Problem: Commonly Used Tools Cannot Identify Individual Product or Customer Profitability
David Bauders, the CEO of SPARXiQ mentions, “We have found revenue and gross margin inadequate to the task of identifying individual product or customer profitability. Today’s macro-income statements do not calculate profitability at this granular level.”
Once the Whale Curve is graphed, it should be shared with the executive and sales teams. Most organizations start on the right side (profit-takers)
In order to analyze the drivers of net income—it’s important to calculate—at the line-item level, the volumes, prices, and cost-of-goods-sold to arrive at the gross margin and then sum to gross profit. To arrive at net income, however, we must attribute to invoice line-items the variable, semi-fixed and fixed cost-to-serve (CTS) of the organization to the products and customers they serve. A methodology known as activity-based costing (ABC) establishes the real cost to attribute to individual invoice transaction for a given time.
The CTS of products and/or customers results from a combination of inherent factors versus behavioral choices and the resulting support costs they incur plus the company’s decisions that determine the efficiency and cost of performing those activities. Product or customer factors such as a product’s sourcing or delivery costs tend to be fixed or stable over time. By contrast-behaviors tend to be a vendor or client’s operational choices. CTS is a function of how your company chooses to perform activities such as automation versus human-labor or online ordering versus call centers. This way, CTS is a function of factors, vendor/customer operations, and internal choices, factors, and efficiencies.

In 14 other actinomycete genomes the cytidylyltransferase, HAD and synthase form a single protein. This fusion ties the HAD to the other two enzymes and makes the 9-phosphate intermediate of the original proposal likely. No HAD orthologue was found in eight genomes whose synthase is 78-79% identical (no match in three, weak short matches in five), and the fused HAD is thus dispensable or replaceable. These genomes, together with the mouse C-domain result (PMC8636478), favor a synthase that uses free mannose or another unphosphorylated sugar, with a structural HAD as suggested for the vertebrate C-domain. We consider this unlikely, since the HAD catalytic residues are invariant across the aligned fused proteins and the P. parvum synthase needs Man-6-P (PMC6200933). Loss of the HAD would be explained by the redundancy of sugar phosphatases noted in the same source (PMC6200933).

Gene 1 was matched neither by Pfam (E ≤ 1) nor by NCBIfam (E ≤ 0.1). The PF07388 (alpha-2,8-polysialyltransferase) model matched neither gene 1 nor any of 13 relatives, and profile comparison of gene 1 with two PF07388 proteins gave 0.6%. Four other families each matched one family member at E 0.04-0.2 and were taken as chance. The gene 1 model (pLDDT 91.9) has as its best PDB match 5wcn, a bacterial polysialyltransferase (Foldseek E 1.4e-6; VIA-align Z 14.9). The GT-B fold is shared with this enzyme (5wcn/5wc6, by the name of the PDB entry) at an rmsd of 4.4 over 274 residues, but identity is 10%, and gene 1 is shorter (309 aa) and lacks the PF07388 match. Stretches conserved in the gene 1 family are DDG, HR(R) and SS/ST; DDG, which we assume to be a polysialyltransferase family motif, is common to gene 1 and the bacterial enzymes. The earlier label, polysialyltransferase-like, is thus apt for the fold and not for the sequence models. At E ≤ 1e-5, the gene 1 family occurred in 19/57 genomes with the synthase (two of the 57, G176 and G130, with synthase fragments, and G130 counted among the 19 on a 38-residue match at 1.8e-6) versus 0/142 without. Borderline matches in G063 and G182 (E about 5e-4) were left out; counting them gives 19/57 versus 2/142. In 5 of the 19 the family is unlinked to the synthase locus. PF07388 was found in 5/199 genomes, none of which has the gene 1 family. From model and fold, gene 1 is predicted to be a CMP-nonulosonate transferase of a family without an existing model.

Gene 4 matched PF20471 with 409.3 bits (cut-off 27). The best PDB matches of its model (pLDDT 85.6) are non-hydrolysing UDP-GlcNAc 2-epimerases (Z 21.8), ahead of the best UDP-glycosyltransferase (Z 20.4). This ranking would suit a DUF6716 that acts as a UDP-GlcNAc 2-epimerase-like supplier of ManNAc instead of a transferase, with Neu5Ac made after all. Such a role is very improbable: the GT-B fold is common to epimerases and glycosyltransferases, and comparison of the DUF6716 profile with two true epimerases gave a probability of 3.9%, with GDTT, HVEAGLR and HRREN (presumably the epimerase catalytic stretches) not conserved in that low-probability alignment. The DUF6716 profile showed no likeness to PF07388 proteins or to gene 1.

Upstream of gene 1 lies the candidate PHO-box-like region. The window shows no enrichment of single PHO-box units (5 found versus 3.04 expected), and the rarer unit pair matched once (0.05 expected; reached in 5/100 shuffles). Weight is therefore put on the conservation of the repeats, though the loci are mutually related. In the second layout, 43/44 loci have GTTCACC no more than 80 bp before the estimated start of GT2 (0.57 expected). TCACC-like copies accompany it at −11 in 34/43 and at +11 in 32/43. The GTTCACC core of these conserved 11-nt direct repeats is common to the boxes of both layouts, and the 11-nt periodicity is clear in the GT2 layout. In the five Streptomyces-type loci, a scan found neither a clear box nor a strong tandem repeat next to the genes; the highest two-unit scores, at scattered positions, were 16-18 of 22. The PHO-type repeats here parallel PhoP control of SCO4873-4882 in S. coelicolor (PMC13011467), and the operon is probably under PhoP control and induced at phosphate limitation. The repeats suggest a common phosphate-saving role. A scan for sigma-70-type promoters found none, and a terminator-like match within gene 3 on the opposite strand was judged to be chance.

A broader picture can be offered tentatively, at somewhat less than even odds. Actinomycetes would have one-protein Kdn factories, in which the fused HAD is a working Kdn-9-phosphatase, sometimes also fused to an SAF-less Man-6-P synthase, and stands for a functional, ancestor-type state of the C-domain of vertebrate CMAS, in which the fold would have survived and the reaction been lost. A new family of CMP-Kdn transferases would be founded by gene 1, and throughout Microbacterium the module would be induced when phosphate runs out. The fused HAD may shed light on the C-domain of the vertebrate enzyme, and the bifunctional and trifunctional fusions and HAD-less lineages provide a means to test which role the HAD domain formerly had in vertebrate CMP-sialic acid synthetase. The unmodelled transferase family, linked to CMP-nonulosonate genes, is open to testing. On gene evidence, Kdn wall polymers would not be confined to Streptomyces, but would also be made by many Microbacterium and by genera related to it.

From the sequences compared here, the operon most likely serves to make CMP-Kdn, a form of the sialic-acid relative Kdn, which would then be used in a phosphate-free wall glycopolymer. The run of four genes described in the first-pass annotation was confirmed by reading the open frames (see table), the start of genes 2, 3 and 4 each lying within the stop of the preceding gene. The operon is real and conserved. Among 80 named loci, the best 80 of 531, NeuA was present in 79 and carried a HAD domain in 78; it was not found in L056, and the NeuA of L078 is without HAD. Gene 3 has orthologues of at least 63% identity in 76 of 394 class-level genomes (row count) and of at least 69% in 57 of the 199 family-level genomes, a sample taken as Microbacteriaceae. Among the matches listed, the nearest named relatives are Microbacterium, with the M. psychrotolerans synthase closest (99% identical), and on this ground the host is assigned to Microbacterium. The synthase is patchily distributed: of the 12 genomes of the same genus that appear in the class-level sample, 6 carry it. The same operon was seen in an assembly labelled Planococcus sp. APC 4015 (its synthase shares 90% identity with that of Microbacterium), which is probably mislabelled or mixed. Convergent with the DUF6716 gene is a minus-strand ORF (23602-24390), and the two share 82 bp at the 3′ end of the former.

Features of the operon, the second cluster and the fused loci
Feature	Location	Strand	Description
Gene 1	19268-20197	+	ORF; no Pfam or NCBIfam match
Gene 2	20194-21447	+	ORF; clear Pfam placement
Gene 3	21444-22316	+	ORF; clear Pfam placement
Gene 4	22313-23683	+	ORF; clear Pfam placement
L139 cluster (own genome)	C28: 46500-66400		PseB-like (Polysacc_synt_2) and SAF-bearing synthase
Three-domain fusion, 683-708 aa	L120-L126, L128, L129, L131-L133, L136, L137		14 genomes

Besides the attribution of operational costs, it is crucial to identify the nature of such costs—whether each cost is fixed, semi-fixed, or variable. Fixed costs do not (over short or medium terms) change proportionally as a function of broad changes in sales volume. Semi-fixed costs vary when specific step-level volume changes are triggered. Finally variable-costs change quickly and proportionally to sales volume. Understanding operating costs at this level allow executives and staff to determine if it is possible to remediate underperforming market segments, how to restructure operations to achieve greater efficiencies and whether or how to serve, expand, shed or restructure market segments, customers or product offerings.